COP27- Time to Come Together; Sharm el-Sheikh Egypt 2022

COP27 is bringing together world leaders and other stakeholders to mark the 30th anniversary of the adoption of the United Nations Framework Convention on Climate Change in 1992. Science has evolved rapidly and we are undeniably able to see, feel and understand the impact of climate change.

The world is under greater urgency to provide the necessary and rightfully deserved justice to nature. Response from nature is a turnaround kickback of our actions that we have no option but to neutralize this crisis by taking the needful steps, especially in lowering greenhouse gas emissions and objectively finding answers on new mechanisms of adapting to the negative impacts of climate change prioritizing those in vulnerable situations.

This is a golden opportunity for all stakeholders to raise to the occasion and demonstrate implementation of commitments and fulfilling the pledges they have been previously making regarding mitigation, adaptation, and resilience to climate change.

Areas of Critical Focus for actions.

The goal of the conference is to prioritize mitigation, adaptation, financing, and collaboration as a way forward in reversing the climate change crisis. 

Enhancing the delivery of the principles of transparency and accountability throughout the climate change process would go a long way in cementing the practicability of climate change commitments and actions.

Climate Change Impacts Snapshot

Different parts of the world have been affected differently by the twists of climate change. Drought, temperature rise,  floods, landslides, and raise in sea levels to mention a few. Most of these impacts are attributed to pollution.

Africa contributes less than 3% of the total pollution responsible for global climate change but faces the severe page of the impacts.

East Africa is one of the regions that has been adversely hit by the ever-increasing temperatures and drought this year, amid recovery from the Covid-19 pandemic impacts. Some parts of the member countries have not received rainfall for a period of more than 2 years.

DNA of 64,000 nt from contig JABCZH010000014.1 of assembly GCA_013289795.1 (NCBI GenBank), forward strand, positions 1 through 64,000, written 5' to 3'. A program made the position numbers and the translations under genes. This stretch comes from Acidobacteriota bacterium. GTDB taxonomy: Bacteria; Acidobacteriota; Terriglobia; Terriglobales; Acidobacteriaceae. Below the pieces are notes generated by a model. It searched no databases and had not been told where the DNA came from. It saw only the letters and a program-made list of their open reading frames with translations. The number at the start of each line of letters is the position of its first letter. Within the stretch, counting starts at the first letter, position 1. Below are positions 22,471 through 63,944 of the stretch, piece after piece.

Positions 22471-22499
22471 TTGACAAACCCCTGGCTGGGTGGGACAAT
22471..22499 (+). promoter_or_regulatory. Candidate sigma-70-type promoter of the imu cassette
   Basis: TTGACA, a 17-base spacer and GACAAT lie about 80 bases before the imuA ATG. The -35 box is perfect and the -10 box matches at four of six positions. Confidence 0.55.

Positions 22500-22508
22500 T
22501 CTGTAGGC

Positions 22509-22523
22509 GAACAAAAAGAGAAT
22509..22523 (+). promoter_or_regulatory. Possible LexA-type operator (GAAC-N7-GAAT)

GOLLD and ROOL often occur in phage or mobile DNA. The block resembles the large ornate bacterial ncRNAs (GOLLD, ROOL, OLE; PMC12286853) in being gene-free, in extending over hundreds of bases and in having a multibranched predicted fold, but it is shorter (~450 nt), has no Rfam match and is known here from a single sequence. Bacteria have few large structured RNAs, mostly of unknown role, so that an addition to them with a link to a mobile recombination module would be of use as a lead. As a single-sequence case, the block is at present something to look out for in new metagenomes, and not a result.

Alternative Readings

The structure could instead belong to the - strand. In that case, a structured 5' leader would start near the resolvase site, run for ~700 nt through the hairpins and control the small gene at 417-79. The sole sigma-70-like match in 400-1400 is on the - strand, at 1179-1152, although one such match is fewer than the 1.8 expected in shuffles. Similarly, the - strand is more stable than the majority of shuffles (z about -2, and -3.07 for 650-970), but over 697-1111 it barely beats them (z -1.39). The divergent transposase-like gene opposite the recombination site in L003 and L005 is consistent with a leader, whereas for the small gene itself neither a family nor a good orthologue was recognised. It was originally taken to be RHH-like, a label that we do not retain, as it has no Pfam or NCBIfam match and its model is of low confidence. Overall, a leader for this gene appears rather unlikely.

Kenya for instance has experienced the worst prolonged drought after a period of over 40 years with incidences of crop failure and reduced food supply leading to increased prices of limited food in supply. 

Noticeably, hunger episodes have disrupted socio-economic productivity. 

“Due to drought, many children have dropped out of school.” President Dr. William Ruto mentioned as the demand for food has overwhelmed the distribution capacity.

Future generation prosperity is already being tempered.

What is the way forward?

COP26 established the Glasgow Dialogue to formulate funding for measures to prevent, mitigate and remedy losses associated with climate change. The milestone is yet to be achieved.

COP27 is here. It is time to make difficult but necessary decisions and transform our daily operations to rehabilitate climate disasters. Lame or no action is a dangerous route to take.

We need to move from negotiations to implementing words by translating them into action. 

This means keeping the promises tied to our words through our actions in mobilizing and increasing financial flow to those most affected, especially in Africa.